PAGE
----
• Provide a 15-year period of data exclusivity for these drugs, which offers incentives for therapy development similar to those afforded by patent protection that would begin at the time of FDA approval so that manufacturers are not penalized for pursing treatments for challenging diseases like ALS that can take 15 or more years to develop.
    • Ensure that the decision to develop a potential treatment will be driven by the treatment’s potential to benefit patients instead of the strength of the patent.
    • Remove the disincentive for manufacturers to pursue treatments for difficult diseases like ALS where it can take 15 or more years to develop a treatment.
    • Require that manufacturers of dormant therapies agree not to use any existing patents to block generics after the 15-year regulatory exclusivity period ends.

3. The ALS Association’s third request of Congress is to Preserve Access to Complex Rehab Technologies (CRT) such as Complex Rehab Technology wheelchairs, which are individually configured to meet the specific needs of people like those with ALS who have significant permanent disabilities. Proposed House and Senate bills (H.R. 3229 and S. 2196) would clarify that CRT power wheelchair components and accessories which require highly individualized configurations, fittings, adjustments, and housing are exempt from a competitive bidding program. The Association explains that a competitive bidding program requirement would cause people with ALS to lose access to critical technologies and be forced to utilize standard technologies that do not meet their medical needs and could pose a threat to their health.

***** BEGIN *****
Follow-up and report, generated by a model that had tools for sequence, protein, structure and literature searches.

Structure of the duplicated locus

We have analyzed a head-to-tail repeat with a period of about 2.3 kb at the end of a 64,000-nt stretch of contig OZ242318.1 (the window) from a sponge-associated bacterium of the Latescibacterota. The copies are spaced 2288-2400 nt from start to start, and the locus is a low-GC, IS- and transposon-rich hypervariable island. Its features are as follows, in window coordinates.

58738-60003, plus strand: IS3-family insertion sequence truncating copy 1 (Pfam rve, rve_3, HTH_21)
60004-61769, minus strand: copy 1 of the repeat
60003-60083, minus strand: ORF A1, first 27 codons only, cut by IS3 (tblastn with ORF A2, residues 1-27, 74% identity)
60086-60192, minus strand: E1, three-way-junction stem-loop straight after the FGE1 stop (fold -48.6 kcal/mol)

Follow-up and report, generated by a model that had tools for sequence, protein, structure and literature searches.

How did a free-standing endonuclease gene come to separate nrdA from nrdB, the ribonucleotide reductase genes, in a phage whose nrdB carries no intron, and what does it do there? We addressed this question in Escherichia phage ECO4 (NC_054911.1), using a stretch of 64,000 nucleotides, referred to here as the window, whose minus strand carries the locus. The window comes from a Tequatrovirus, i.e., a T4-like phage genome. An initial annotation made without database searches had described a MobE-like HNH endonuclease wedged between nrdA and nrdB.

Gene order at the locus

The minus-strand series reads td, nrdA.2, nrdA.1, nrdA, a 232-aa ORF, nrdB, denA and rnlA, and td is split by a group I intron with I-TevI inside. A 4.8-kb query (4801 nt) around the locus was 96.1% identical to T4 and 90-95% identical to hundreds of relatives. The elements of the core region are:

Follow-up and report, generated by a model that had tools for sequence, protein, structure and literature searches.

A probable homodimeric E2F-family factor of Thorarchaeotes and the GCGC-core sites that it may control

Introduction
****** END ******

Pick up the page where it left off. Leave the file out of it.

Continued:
Congress Takes Action on ALS Priorities!

According to Advocacy Action Center on The ALS Association’s website (